This industry report offers a path to take back control of your payments process. Current challenges are identified, and a technology-enabled solution set is presented to overcome them.
Four Trends Driving ComplexitySeveral powerful industry forces are intersecting to create the complex RCM landscape we see today (Figure 1). One is healthcare’s consolidation wave, which has produced larger and more diversified health systems. M&A and partnership activity continues unabated. A recent survey indicated that 73% of organizations anticipate exploring or completing deals over the next 12-18 months.1 Consolidation engenders ongoing challenges for RCM in the form of disparate systems, policies and financial arrangements that must be transitioned or integrated.
Second, RCM is adjusting to rising consumerism as patients assume greater payment obligation. More than 40% of consumers now have High Deductible Health Plans.2 Concern about affordability is high. This trend introduces new risks into the payment equation and places patient financial experience “top-of-mind” for managers.
The shift to value-based reimbursement continues to be an industry imperative. S&P believes the movement away from fee-for-service is “gaining traction in 2019,” creating “a major disruption.”3 Cost containment is paramount, and RCM optimization is simply not optional in this environment.
Finally, technologies from robotic process automation to data analytics to mobile payments offer new opportunities to automate and streamline RCM. These technologies are in early stages, confronting organizations with questions on how to deploy them effectively.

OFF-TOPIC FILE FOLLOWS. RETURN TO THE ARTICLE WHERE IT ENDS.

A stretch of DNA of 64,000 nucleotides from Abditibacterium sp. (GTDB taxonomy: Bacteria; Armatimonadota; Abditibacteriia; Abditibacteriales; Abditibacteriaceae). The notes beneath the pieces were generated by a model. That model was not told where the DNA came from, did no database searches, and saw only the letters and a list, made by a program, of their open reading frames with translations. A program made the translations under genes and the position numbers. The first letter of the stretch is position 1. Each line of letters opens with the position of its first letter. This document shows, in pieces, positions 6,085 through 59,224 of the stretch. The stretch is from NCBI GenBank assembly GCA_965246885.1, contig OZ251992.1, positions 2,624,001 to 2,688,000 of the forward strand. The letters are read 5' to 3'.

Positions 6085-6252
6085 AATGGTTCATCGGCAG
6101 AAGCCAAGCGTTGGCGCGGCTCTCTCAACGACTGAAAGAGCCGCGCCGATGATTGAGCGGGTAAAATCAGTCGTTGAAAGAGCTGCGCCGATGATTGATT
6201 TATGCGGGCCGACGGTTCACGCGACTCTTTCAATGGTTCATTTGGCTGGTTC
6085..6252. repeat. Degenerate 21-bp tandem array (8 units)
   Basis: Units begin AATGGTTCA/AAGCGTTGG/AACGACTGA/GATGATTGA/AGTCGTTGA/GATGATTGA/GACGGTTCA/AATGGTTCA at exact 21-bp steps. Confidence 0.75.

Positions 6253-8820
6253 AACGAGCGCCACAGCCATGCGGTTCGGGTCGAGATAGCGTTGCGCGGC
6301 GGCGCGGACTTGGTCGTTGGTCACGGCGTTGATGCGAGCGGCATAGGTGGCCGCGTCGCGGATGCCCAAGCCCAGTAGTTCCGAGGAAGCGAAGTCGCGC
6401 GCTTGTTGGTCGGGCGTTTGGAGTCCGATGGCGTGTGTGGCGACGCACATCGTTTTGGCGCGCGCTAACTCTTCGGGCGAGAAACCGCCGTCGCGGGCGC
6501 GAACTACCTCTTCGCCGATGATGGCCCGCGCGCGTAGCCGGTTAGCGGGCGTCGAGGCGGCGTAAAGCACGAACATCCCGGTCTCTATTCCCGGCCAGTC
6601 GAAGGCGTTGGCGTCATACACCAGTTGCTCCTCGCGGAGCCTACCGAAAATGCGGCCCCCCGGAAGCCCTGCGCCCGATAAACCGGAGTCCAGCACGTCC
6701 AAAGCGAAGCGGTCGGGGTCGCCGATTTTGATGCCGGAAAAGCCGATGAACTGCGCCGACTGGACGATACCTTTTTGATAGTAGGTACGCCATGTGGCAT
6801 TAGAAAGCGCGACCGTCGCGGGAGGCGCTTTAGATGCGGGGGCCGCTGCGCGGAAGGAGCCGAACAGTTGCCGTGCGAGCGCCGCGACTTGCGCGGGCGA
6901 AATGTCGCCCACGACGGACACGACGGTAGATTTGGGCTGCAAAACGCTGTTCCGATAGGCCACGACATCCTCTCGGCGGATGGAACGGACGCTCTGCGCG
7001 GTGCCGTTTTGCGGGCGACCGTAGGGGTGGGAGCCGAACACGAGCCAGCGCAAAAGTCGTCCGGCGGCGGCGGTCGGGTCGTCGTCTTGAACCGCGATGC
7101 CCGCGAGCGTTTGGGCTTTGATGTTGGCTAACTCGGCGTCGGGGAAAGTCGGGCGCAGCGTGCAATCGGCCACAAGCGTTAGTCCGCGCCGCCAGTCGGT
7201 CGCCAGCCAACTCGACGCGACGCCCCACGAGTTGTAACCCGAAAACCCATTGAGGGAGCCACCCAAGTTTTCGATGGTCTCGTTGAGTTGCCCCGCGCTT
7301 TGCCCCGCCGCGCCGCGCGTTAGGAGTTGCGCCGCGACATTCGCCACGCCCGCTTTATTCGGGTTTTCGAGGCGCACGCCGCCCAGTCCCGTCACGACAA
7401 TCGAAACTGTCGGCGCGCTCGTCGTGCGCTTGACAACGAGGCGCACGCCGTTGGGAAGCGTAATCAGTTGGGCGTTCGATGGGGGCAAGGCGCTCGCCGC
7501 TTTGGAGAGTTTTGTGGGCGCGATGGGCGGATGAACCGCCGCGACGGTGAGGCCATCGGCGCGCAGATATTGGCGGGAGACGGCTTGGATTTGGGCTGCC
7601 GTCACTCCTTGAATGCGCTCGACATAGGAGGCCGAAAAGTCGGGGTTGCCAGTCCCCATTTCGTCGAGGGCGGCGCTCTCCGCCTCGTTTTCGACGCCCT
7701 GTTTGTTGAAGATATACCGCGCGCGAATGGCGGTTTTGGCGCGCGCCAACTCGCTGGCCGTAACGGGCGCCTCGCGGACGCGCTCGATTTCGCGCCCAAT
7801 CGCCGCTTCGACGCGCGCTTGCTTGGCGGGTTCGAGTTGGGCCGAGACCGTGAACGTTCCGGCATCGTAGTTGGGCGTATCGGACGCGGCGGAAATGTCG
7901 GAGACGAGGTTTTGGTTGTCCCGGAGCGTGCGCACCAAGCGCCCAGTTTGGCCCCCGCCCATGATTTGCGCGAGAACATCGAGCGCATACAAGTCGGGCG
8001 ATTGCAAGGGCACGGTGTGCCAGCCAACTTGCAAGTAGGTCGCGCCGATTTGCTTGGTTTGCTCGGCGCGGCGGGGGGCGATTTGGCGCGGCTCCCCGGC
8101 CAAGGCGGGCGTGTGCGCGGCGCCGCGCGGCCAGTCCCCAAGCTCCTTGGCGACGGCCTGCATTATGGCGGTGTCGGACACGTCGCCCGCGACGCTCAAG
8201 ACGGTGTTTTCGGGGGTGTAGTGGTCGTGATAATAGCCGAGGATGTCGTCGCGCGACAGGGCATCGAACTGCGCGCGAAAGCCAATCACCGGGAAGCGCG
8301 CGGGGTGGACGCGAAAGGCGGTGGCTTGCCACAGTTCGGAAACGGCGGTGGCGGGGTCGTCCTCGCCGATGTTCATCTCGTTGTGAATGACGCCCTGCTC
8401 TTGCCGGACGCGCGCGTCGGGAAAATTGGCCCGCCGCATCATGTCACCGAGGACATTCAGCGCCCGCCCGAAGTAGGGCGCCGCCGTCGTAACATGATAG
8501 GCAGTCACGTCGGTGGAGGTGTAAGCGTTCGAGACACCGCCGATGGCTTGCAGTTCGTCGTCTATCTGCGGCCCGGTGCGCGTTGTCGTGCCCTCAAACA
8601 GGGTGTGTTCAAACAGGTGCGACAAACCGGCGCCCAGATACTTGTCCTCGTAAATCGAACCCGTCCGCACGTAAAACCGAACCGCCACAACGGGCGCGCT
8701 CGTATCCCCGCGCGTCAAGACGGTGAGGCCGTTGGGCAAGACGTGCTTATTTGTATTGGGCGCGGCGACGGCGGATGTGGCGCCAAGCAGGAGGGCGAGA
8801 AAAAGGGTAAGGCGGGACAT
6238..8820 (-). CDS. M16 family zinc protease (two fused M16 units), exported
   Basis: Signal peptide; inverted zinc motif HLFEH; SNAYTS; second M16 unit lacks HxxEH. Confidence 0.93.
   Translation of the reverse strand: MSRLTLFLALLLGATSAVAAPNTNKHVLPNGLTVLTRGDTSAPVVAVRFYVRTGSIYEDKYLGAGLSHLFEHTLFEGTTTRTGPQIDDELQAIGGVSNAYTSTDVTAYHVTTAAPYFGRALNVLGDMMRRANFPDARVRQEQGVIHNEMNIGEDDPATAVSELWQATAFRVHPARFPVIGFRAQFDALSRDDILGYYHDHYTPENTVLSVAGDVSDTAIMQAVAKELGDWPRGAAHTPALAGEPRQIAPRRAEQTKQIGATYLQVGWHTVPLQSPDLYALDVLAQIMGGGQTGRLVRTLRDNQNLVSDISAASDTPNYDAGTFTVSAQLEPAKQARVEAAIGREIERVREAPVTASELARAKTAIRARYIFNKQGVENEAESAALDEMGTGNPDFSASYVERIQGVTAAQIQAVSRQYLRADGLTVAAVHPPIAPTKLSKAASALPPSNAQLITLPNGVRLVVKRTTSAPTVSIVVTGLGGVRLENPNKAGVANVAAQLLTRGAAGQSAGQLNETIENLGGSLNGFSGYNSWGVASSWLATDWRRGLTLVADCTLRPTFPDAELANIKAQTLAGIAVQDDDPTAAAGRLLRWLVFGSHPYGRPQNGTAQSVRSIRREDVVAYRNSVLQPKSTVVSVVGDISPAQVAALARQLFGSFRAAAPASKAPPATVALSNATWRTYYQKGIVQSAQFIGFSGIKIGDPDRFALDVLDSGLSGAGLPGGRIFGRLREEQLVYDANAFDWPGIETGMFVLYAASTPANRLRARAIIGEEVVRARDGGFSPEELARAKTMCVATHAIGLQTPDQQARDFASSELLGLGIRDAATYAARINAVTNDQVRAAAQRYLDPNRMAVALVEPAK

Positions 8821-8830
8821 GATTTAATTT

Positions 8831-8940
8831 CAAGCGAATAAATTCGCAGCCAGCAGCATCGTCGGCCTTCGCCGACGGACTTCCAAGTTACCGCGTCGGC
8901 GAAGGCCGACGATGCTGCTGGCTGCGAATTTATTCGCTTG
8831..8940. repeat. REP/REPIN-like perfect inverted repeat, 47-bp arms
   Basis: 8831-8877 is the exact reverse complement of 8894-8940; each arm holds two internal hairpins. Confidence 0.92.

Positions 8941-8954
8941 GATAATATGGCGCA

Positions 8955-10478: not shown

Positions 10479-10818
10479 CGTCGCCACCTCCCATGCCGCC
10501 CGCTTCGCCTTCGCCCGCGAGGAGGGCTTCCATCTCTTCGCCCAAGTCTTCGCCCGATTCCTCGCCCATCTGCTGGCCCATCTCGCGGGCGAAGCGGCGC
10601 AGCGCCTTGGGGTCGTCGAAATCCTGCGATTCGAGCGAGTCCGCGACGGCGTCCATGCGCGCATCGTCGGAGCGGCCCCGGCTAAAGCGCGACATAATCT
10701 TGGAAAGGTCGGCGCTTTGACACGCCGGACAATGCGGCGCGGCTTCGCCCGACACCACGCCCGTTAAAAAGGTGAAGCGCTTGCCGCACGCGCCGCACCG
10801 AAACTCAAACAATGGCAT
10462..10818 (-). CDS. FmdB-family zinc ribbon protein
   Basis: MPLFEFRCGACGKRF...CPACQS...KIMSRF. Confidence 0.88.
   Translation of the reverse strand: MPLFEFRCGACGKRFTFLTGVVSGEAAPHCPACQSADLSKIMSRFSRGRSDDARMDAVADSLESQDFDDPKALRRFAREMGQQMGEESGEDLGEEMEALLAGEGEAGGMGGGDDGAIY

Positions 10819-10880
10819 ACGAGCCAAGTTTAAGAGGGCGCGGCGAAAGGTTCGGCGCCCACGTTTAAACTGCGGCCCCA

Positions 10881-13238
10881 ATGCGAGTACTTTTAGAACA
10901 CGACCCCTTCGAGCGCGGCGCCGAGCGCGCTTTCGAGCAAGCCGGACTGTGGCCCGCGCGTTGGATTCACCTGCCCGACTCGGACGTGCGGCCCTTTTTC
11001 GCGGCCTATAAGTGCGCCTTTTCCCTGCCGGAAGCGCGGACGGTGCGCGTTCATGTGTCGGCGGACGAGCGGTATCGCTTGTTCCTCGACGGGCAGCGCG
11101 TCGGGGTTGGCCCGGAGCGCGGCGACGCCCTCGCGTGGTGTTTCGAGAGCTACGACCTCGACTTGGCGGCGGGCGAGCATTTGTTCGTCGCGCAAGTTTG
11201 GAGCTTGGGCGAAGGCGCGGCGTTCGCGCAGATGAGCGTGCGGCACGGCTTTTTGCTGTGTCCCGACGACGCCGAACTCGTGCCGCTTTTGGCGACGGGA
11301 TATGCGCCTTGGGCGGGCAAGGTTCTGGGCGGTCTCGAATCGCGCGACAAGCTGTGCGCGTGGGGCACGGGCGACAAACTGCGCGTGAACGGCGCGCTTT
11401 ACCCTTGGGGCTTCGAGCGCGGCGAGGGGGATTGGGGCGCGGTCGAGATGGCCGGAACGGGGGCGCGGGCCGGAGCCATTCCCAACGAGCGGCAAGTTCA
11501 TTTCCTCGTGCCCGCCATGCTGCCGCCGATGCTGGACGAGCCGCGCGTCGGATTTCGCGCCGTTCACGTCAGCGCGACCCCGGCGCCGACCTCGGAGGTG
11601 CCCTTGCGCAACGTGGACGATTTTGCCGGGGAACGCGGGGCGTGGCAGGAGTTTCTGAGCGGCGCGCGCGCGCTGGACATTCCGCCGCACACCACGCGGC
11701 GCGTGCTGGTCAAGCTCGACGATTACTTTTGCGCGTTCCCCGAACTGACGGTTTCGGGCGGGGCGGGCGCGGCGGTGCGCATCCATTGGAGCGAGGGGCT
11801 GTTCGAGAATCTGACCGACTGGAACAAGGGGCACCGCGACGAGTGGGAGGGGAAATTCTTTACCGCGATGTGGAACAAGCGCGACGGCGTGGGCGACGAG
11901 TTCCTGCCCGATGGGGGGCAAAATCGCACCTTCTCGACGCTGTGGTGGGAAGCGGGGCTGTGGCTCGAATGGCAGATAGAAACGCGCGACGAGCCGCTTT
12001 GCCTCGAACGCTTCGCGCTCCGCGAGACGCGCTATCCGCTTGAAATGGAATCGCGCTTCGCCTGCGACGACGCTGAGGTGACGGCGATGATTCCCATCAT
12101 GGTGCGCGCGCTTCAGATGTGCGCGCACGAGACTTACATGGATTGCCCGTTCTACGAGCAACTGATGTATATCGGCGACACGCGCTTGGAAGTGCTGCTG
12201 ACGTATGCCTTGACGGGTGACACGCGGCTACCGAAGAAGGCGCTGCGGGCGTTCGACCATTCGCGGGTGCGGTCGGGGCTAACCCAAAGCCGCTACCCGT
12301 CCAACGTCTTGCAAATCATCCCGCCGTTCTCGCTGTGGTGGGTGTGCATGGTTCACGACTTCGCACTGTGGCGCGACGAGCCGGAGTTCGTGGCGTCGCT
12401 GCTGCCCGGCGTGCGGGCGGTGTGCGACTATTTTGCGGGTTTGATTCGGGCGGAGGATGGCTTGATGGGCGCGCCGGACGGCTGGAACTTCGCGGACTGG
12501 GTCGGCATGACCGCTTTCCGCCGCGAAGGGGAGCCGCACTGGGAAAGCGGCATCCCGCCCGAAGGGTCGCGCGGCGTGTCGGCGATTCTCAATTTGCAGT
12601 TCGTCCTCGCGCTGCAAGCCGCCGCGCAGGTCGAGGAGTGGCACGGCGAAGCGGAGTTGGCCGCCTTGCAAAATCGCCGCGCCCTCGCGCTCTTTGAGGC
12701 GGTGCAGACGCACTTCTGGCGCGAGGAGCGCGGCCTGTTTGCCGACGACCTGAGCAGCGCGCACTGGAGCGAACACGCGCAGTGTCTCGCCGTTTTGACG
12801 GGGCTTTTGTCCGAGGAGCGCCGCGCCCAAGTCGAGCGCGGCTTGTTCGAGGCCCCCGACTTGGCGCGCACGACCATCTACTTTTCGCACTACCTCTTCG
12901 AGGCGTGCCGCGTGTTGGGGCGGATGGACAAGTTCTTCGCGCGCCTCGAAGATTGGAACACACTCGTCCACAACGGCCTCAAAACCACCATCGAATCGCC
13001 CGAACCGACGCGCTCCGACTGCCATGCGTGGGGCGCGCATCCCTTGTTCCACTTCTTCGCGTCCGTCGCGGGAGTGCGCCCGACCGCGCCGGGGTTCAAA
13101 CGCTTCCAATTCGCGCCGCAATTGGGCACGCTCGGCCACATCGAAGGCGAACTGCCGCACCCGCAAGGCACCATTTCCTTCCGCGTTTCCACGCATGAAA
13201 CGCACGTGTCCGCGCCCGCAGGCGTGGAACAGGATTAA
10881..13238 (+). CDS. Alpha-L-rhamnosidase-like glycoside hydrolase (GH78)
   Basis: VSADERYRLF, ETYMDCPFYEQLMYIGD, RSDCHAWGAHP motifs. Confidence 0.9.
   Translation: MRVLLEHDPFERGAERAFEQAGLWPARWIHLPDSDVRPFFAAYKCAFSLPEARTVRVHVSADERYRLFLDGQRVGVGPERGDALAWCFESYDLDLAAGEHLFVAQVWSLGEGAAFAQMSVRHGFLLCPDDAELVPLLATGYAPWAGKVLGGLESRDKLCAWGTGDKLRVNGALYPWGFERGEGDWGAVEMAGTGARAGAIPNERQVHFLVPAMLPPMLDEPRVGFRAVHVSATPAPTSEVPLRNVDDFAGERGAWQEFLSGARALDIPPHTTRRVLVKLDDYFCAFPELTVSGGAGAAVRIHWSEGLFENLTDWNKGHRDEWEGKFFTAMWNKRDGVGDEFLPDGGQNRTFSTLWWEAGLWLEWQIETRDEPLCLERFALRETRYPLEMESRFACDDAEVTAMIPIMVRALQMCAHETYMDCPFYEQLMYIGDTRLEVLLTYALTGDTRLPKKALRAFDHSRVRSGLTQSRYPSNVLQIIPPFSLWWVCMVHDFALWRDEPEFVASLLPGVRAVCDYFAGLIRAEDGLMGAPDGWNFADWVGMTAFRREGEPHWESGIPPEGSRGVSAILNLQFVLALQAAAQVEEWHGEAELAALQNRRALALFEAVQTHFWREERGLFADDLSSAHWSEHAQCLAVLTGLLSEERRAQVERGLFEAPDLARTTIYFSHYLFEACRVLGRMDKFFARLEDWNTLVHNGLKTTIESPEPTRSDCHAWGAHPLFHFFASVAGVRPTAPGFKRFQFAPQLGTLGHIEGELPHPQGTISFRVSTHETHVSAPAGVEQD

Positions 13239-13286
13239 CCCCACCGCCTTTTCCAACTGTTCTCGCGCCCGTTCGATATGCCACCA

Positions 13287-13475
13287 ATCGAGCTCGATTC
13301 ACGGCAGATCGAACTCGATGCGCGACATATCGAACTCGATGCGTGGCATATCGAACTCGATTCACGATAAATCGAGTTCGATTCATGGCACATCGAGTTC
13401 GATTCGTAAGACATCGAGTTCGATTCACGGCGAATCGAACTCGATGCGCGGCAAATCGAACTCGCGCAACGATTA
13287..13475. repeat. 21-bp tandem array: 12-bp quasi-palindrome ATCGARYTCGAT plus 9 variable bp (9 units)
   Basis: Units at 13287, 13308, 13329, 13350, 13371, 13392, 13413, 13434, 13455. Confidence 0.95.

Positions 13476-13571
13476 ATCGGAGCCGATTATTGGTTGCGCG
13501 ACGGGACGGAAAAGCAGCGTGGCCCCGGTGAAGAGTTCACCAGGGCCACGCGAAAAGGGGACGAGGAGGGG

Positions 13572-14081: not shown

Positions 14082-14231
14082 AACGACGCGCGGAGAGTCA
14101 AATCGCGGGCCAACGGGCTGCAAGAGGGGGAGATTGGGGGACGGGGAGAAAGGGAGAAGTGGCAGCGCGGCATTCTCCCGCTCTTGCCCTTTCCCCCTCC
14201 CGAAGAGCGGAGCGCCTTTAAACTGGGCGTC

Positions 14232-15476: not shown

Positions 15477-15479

Case Study Snapshot
“The solution saves us time every day.”
To read Fitzgibbon’s full story, click here.
Don’t Overlook Staffing IssuesInternally, revenue cycle managers must contend with persistent staffing issues that can stymie change. Especially in larger health systems, turnover can be high, leaving entry-level or inexperienced people in positions across the cycle. On the other hand, smaller hospitals/group practices often have long-time employees who may resist automation and other optimization strategies.
Multiple Payment ChallengesNavigating this confluence of forces requires clear focus on several optimization barriers:
HEAVILY MANUAL PROCESSES
Notwithstanding growing technology adoption, management of receipt, posting, reconciliation, and analysis of payments is still heavily reliant on human labor. Industry estimates suggest that about 50% of remittances in a typical community hospital are paper based. Lockboxes remain ubiquitous and are not going away anytime soon. Manual processing unleashes a cascade of problems: added cost, suboptimal cash flow, fragmentation, errors and potential for negative patient experiences.
SILOED SYSTEMS, MULTIPLE TRANSACTIONS
Most organizations maintain multiple electronic systems – often not tightly integrated – that impact the financial/accounting side of the house. Much hope was invested in EHRs to provide unified RCM processing, but they have not yet lived up to that expectation. With many payments from many patients involving many bank relationships, the lack of a central system impedes automation efforts and induces inefficiencies. Staff has to split aggregated remittances, manually post each one to the appropriate system and work across the multiple systems to ensure accurate reconciliation. It is an error-prone, time-consuming process.
NEW PATIENT DEMANDS
Rising patient self-pay is adding considerable complexity as staff now deals with individual questions concerning amount of obligation, explanation of charges and billing accuracy. There is also a substantial push to capture payment up front, given evidence that self-pay compliance tends to decline as bills age. Patient frustrations are a distinct risk with downstream financial effect as reimbursement becomes more dependent on satisfaction metrics.
PAYER REIMBURSEMENTS – ARE YOU UNKNOWINGLY PAYING TOO MUCH TO GET PAID?